Don’t re­call the ‘Cadil­lac tax’

The Washington Post Sunday - - SUNDAY OPINION -

A bill to re­peal it would gut Oba­macare, not im­prove it.

FOR FIVE years, Repub­li­cans have been try­ing, un­suc­cess­fully, to re­peal Oba­macare. But where the GOP has failed, a bi­par­ti­san coali­tion in­clud­ing dozens of Democrats aims to suc­ceed — at least in part.

That’s the strange-but-true im­pli­ca­tion of the new push to re­peal the so-called “Cadil­lac tax” on high-cost em­ployer-paid group health plans. Levied at a rate of 40 per­cent on the value of a plan that ex­ceeds $10,200 for in­di­vid­u­als and $27,500 for fam­i­lies, the tax rep­re­sents an ab­so­lutely cru­cial re­form in the over­all Oba­macare pack­age.

There is wide agree­ment among ex­perts that the cur­rent tax ex­clu­sion for em­ployer-paid health in­sur­ance dis­torts the econ­omy in mul­ti­ple ways. By sub­si­diz­ing de­mand for health ser­vices, it ar­ti­fi­cially boosts their costs, fu­el­ing health-care in­fla­tion gen­er­ally. The ex­clu­sion ties health cov­er­age to em­ploy­ment (about half of all in­sured Amer­i­cans get health care thisway), thus in­duc­ing “job lock” for em­ploy­ees. And it dis­pro­por­tion­ately ben­e­fits up­per-in­come peo­ple, who pay higher tax rates and tend to re­ceive higher-value in­sur­ance — “Cadil­lac plans” — as part of their com­pen­sa­tion.

In ad­di­tion to those per­verse ef­fects, the ex­clu­sion for em­ployer-paid in­sur­ance costs the trea­sury enor­mous sums: a pro­jected $785 bil­lion be­tween 2014 and 2018, ac­cord­ing to the Joint Com­mit­tee on Tax­a­tion. Thus, blunt­ing it via the Cadil­lac tax is one of the ma­jor sources of rev­enue Congress used to pay for the rest of Oba­macare. The Con­gres­sional Bud­get Of­fice has es­ti­mated that this could raise $87 bil­lion over 10 years. Oth­er­wise, health re­form could blow a hole in the fed­eral bud­get.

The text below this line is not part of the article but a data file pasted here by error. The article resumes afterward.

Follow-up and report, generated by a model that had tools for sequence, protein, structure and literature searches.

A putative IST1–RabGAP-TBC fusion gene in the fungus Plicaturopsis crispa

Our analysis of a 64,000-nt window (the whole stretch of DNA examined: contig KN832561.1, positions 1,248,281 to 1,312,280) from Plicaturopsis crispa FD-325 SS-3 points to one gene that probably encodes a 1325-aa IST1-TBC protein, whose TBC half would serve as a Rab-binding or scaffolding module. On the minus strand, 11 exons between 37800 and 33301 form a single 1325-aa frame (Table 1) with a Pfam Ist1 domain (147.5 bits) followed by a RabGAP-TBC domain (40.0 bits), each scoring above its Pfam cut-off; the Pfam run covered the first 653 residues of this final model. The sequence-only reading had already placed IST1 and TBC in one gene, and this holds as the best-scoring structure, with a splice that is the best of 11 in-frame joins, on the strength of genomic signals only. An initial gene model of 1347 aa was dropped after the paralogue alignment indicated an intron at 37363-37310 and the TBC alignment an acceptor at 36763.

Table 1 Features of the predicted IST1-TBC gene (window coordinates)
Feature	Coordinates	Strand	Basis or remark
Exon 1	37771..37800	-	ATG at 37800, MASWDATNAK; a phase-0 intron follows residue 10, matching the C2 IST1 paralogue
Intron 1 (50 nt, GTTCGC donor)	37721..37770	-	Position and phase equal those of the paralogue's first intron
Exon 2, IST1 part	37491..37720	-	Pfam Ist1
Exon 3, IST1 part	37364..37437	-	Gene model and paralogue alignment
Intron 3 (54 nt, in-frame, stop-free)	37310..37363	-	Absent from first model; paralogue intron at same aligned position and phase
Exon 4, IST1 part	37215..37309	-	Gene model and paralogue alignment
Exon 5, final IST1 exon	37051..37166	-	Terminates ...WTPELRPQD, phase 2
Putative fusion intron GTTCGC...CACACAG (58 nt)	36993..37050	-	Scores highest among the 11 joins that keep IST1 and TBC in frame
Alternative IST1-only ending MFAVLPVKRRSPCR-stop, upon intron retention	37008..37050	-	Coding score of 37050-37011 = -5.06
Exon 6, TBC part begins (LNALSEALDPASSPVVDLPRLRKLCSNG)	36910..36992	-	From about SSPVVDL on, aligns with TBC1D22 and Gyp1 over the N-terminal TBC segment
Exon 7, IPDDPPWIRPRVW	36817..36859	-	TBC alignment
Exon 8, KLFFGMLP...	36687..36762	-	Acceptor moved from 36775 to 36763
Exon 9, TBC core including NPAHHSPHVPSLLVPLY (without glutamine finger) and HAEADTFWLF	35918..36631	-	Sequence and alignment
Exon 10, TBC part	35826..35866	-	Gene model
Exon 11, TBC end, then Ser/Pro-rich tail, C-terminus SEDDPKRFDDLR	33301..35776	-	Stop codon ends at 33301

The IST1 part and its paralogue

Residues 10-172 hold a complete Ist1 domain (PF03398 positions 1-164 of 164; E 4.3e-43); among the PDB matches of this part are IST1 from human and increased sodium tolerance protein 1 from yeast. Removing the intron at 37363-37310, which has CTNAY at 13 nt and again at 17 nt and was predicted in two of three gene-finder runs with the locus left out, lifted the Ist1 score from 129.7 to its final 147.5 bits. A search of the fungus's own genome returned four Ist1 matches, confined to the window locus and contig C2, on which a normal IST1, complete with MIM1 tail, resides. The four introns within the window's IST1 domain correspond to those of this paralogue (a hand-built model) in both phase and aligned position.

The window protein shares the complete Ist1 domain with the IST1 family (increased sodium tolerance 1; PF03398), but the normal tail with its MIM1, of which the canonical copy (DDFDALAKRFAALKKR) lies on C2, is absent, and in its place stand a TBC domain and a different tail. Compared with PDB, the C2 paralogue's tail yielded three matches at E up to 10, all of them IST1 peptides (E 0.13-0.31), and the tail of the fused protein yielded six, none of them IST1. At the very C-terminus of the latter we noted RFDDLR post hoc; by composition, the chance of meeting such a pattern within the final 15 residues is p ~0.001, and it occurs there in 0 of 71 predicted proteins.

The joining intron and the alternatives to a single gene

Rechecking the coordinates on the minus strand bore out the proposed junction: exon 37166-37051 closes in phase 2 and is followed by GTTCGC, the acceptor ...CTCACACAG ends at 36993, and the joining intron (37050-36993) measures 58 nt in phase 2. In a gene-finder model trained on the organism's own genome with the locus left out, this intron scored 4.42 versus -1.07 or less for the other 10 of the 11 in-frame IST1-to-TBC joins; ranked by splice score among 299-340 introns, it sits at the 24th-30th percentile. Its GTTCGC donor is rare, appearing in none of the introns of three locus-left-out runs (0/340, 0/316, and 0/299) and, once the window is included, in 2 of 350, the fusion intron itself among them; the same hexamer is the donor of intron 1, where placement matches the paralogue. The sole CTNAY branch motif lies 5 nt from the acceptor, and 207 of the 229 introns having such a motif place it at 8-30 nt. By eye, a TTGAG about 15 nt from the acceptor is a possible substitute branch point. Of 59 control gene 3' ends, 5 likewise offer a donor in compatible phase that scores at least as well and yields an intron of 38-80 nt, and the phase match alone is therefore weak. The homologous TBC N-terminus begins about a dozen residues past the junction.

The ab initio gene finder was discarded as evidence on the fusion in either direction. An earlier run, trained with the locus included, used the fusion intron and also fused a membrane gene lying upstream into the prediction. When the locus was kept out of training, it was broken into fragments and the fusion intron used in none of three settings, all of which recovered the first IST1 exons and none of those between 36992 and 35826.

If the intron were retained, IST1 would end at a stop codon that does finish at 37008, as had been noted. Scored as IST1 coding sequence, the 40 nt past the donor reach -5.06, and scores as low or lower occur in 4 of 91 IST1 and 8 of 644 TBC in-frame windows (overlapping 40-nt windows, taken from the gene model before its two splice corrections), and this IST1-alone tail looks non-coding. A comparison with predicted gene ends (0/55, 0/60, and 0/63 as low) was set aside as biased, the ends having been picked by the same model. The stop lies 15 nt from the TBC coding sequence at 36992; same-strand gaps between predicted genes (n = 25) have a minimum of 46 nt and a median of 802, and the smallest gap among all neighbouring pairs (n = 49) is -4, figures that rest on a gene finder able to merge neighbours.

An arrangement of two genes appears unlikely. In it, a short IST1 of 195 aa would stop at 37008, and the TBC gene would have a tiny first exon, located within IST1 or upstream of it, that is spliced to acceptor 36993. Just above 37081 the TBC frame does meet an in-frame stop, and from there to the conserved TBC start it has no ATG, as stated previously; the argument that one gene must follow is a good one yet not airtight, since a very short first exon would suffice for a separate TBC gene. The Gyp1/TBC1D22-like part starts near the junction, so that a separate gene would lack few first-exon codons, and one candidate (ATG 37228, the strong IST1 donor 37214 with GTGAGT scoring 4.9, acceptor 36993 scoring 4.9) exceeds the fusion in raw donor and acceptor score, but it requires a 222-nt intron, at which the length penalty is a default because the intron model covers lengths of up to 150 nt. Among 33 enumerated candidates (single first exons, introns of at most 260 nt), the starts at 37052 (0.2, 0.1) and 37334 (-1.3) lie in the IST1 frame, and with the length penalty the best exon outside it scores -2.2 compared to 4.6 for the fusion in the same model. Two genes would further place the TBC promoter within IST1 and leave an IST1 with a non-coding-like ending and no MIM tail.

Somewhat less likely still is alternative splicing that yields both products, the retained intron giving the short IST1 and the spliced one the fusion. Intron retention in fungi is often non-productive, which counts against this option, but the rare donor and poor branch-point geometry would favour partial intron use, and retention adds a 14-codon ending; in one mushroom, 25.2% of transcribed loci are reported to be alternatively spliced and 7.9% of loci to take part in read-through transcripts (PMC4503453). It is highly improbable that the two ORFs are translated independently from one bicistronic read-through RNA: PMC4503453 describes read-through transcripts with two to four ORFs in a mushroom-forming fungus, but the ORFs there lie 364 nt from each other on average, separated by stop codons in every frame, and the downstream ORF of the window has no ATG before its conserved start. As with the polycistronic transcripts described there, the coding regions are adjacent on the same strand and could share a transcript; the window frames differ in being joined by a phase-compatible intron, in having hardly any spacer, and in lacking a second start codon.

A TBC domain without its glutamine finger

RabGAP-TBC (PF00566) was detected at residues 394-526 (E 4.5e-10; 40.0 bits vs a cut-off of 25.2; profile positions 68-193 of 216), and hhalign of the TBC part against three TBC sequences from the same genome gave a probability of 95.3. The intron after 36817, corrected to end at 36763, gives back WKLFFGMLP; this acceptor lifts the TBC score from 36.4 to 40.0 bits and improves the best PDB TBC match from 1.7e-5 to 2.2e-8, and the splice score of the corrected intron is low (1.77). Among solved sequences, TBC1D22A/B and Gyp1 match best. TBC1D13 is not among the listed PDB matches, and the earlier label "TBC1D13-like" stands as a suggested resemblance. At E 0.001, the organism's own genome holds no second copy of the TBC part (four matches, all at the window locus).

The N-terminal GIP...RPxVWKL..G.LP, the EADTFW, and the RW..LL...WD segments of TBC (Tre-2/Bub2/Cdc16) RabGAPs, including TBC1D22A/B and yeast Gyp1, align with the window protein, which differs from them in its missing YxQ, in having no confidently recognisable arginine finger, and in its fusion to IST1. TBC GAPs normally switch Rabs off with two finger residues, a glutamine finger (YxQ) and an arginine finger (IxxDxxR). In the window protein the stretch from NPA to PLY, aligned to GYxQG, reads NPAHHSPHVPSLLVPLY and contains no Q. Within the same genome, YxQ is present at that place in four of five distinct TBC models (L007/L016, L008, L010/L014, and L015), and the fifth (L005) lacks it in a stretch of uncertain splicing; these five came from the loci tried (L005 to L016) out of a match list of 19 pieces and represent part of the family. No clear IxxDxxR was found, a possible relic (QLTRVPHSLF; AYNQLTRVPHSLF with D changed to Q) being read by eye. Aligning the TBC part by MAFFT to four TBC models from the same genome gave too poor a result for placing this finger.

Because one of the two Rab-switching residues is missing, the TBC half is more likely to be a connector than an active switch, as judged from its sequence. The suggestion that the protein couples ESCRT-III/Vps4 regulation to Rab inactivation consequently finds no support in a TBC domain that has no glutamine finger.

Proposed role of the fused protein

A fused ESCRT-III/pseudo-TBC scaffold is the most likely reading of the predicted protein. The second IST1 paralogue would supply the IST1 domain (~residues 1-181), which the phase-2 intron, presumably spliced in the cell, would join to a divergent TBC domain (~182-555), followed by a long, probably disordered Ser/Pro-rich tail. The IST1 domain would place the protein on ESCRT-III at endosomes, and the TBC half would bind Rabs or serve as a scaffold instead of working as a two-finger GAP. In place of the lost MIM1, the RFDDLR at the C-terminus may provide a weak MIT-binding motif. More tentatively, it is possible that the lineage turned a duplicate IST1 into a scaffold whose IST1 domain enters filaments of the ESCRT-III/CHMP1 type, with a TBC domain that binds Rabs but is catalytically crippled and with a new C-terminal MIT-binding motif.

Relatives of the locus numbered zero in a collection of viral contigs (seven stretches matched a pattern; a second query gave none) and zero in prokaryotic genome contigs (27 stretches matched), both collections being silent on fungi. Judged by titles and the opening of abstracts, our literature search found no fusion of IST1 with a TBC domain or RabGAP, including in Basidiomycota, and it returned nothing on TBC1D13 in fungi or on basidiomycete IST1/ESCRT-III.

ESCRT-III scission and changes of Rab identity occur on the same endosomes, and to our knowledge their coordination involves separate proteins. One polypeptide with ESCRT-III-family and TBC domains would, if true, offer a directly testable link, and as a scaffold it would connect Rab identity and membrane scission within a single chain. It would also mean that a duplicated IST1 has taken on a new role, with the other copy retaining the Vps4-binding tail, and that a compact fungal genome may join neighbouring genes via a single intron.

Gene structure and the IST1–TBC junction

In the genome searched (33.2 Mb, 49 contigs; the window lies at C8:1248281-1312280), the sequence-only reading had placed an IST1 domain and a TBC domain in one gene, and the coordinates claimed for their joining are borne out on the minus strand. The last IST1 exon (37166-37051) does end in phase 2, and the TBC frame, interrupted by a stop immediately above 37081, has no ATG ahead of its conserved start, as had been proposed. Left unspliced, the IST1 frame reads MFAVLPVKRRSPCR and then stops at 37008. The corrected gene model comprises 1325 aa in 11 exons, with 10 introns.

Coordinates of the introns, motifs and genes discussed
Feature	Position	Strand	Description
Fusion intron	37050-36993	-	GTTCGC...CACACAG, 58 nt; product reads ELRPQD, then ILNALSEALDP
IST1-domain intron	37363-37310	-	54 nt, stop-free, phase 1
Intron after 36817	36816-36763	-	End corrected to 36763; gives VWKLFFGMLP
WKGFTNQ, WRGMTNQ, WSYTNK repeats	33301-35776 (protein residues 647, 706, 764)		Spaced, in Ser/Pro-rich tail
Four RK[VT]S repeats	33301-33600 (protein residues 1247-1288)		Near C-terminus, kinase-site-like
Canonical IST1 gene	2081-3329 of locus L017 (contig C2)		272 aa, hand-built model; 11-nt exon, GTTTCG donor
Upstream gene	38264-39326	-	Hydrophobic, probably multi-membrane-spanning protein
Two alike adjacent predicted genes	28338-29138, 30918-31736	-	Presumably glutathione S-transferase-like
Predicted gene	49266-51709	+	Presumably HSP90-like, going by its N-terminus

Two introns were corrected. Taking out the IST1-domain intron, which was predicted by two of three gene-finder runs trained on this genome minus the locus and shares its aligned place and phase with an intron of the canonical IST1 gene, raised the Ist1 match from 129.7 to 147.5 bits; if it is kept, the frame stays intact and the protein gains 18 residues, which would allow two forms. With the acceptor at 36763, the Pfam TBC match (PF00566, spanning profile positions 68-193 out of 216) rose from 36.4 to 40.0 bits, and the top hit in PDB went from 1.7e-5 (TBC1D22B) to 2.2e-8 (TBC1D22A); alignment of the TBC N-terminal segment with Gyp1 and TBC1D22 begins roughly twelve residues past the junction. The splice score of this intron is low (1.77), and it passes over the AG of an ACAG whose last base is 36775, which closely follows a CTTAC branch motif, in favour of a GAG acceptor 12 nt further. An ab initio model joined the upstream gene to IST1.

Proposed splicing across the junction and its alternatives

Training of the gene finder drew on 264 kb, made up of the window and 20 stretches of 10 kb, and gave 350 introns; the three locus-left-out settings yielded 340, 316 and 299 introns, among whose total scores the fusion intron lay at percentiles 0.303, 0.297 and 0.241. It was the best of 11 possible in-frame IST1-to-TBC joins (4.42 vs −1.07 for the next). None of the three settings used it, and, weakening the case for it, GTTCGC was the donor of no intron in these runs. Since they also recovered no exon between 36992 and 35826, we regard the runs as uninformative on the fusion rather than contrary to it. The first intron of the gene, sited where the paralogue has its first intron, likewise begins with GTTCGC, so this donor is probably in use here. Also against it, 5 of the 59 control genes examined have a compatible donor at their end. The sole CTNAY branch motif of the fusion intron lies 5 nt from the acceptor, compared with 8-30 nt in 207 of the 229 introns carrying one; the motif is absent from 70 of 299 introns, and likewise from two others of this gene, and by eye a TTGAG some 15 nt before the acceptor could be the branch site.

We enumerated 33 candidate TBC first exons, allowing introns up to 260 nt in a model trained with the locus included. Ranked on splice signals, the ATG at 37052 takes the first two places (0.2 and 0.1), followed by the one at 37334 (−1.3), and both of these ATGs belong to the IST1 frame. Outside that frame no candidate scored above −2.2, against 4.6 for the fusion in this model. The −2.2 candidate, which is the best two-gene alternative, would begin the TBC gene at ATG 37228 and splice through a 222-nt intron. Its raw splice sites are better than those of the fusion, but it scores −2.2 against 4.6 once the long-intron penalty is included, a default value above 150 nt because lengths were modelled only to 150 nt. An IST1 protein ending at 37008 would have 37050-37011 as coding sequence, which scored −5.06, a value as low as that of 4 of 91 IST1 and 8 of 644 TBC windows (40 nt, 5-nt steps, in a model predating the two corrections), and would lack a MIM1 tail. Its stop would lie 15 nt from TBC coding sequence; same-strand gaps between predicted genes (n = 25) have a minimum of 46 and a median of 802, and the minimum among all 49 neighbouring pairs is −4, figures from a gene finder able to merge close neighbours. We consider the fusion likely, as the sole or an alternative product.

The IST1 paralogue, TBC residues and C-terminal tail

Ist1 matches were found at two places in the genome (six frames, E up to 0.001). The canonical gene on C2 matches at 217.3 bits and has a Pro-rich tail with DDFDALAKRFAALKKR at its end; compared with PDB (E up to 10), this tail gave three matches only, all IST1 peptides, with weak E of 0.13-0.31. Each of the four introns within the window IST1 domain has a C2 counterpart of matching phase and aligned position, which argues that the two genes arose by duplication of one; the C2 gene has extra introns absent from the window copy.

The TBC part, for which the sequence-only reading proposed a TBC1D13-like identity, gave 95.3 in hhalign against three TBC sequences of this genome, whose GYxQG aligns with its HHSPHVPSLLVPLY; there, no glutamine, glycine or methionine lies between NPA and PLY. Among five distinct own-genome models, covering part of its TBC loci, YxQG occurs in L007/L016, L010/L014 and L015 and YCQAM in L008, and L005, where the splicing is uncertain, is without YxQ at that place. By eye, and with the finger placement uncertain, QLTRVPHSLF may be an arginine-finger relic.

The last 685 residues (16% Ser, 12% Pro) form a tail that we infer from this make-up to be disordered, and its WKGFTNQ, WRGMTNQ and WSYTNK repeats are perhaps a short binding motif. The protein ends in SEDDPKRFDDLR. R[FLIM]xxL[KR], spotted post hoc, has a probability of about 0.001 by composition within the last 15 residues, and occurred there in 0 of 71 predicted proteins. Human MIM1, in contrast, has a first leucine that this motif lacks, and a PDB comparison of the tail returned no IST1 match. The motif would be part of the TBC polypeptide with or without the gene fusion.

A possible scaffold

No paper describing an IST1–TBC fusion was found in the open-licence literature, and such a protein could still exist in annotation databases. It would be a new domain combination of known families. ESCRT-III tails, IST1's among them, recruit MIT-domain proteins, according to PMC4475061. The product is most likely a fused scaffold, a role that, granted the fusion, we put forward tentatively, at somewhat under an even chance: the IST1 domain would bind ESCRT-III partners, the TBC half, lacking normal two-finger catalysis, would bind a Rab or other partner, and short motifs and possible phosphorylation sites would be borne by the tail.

You can see why Repub­li­cans would bri­dle at the Cadil­lac tax; it’s got the word “tax” in it, af­ter all. Democrats who op­pose it have a slightly more com­plex ra­tio­nale, how­ever. Some of them come from parts of the coun­try where health costs are rel­a­tively high, and this is re­flected in the value of em­ployer-paid plans. They are also do­ing the bid­ding of or­ga­nized la­bor, whose role in the work­place is in­creas­ingly re­lated to ne­go­ti­at­ing big­ger health ben­e­fits and there­fore would be a big loser un­der the Cadil­lac tax.

La­bor’s ob­jec­tions, chan­neled via sym­pa­thetic con­gres­sional Democrats, helped pre­vent the Cadil­lac tax from tak­ing ef­fect im­me­di­ately upon Oba­macare’s pas­sage in 2010. In­stead, it won’t hit un­til 2018. Al­ready, though, many com­pa­nies are trim­ming their health plans in an­tic­i­pa­tion of that date, which is prob­a­bly one rea­son health-care-cost growth has been slow­ing of late.

Now comes the in­evitable at­tempt to make sure it will never take ef­fect, in the form of a bill by Rep. Joe Court­ney (D-Conn.) that has more than 100 Demo­cratic co-spon­sors (but no spec­i­fied source of re­place­ment rev­enue). There’s a sep­a­rate, sim­i­lar mea­sure spon­sored by nearly 70 Repub­li­cans. A high-pow­ered new lob­by­ing al­liance in sup­port of such leg­is­la­tion is sched­uled to launch next month. It’s backed by drug com­pa­nies, health in­sur­ers and unions. As this spe­cial­in­ter­est ef­fort cranks up, ev­ery­one needs to un­der­stand what it’s re­ally about— not im­prov­ing Oba­macare, but gut­ting it.

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